Tag Archives: staffing plan

Time for a Financial Review?

26 Jul

knowledge and ignorance puzzle pieces signdreamstime_xs_53502419

Really?

No triple bid.

No staffing plan.

No reconciliation.

Fixed fee

100% advanced billings.

Slow job cost reconciliation.

Poor Agreement language.

Old Agreement.

No examples / templates.

No breakout of retainer vs. out-of-scope fees.

No agency reporting of costs / hours.

Programmatic supply chain not understood.

Use of in-house agency services, no rate sheet.

Use of in-house agency services, not reconciled.

Freelance billed at full retainer rate.

Interns billed at full retainer rate.

Credits held.

Low Full Time Equivalent basis.

High Rate per hour.  No fee detail.  Non arms-length use of affiliate.

Mark-up applied.

Float.  Kick-back.  Favored expensive suppliers.

Duplicate charges.

Time reported doesn’t match time system.

Overpayments.

Luxurious Travel.

Gifts.

That’s the short list.

Don’t let this happen to your critical marketing dollars.

Update and lock down financial terms in Agreement.

Tighten up definitions.

Enhance Agency reporting required.

Perform routine spot checks.

Follow the money to the ultimate end user.

Vet Agreement with ANA template.

Ask the Experts.

Maintain consistence of control and visibility across the Marketing supplier network.

Maintain trust but validate Agency financial activity.

Strengthen the Agency relationship through understanding and alignment.

Really.

 

The 3 Keys to Successful Agency Relationships

4 Sep

There are a lot of very capable advertising agencies and no shortage of experienced, intelligent marketing professionals on the client-side.  So what distinguishes successful client-agency relationships from those that fail to yield the desired results?  Based upon my experience it comes down to three key elements: People, Process and Perspective.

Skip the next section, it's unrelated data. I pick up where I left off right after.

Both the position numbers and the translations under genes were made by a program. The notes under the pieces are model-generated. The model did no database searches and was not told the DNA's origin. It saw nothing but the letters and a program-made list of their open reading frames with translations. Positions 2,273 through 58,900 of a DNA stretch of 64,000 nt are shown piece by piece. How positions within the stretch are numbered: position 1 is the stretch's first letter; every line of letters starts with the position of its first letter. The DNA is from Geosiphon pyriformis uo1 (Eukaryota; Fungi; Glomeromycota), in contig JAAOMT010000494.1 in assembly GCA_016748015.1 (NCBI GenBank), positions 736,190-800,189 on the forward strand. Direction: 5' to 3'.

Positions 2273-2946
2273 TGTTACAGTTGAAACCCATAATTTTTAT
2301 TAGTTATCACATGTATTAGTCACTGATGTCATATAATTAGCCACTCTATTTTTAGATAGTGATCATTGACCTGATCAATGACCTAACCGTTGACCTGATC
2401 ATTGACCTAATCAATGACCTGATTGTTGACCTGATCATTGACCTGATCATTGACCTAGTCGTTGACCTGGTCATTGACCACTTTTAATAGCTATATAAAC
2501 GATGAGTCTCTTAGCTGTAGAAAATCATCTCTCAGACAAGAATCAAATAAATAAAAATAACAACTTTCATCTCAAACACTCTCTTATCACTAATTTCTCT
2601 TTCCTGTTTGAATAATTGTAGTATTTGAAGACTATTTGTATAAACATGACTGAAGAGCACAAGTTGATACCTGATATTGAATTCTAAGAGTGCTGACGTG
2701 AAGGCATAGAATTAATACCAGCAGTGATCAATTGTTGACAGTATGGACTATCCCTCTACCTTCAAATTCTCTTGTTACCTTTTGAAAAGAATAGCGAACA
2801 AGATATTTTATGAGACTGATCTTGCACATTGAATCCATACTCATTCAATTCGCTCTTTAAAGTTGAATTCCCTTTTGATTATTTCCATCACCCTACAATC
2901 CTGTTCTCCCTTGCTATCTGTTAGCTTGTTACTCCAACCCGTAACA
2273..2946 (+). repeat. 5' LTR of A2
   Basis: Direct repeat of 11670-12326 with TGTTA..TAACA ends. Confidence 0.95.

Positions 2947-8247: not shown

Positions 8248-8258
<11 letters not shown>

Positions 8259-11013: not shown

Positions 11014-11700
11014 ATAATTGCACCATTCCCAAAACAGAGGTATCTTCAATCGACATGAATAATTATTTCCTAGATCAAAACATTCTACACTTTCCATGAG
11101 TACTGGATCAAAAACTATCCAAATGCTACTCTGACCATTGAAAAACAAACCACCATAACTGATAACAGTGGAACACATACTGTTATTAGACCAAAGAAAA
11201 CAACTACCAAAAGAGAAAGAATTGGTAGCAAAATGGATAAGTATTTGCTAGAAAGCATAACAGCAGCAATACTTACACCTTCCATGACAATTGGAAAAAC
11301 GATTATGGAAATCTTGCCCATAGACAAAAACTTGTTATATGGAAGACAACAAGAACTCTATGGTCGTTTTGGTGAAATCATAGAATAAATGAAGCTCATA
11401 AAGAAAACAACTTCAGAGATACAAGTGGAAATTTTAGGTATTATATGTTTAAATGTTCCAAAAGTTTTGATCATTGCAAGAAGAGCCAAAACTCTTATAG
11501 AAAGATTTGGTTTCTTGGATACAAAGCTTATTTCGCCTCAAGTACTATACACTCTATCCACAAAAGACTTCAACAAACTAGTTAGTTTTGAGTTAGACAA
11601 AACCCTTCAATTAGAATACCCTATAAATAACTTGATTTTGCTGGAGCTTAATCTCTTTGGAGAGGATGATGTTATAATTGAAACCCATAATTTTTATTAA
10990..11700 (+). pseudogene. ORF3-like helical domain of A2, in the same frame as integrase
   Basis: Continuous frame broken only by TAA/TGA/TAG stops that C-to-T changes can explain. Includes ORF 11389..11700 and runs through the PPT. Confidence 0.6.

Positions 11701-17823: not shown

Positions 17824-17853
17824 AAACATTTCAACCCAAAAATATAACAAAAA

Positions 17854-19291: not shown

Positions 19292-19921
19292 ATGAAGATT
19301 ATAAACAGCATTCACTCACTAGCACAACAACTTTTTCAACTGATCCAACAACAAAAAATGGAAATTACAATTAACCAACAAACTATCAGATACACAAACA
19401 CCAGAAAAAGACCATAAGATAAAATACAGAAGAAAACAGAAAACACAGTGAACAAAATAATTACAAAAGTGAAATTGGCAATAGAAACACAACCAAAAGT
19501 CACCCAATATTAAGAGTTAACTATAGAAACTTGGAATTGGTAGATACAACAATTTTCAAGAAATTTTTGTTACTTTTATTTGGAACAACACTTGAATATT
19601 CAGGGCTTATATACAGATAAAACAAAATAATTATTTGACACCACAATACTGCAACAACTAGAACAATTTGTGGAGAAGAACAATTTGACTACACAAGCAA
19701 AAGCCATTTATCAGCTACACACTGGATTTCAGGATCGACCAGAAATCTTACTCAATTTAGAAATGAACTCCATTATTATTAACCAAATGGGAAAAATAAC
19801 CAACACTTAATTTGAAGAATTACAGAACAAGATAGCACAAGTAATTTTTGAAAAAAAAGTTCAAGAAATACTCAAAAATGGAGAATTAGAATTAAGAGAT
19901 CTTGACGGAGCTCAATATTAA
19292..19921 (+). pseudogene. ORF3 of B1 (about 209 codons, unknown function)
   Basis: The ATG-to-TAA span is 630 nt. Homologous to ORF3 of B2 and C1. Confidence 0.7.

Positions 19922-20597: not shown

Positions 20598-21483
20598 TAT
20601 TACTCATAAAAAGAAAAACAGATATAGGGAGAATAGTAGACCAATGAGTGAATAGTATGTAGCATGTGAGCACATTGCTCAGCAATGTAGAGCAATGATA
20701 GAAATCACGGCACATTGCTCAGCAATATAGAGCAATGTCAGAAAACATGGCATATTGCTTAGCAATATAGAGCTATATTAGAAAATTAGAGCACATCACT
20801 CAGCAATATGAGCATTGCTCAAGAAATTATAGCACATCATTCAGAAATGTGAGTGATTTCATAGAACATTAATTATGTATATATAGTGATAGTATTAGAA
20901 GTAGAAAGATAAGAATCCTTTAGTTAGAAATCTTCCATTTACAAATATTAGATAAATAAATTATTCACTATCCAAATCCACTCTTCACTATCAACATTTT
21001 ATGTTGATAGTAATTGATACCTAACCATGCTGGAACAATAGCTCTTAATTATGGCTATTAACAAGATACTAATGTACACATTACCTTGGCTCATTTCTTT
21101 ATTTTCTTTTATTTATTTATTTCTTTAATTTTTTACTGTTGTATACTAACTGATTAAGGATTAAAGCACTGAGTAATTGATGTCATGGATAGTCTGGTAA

Other than scale and talent, often there is little that distinguishes one advertising agency’s service offering from the next.  They offer a comparable array of resources delivered through professionals representing a consistent range of agency functions.  Yet some client-agency relationships withstand the test of time, producing memorable work and significant in-market results, while others struggle to synchronize their efforts that result in failure to produce the desired results.    As a rule, individuals and business entities enter into relationships committed to the notion of success.  However, in a people business such as professional services, achieving success requires more than commitment and good intentions.

Constructing an effective team begins with assembling the right people with the cumulative experience and skills necessary to address the client organization’s market challenges and opportunities.  Assigning roles and responsibilities to each team member will assist in improving the group’s efficiency and productivity while minimizing conflict.  Over time, it is important to hold a team together to leverage the group’s shared learning, brand knowledge and market insights to achieve incremental gains year-over-year.  As we all know, in an industry marked by high employee turnover, this is often easier said than done.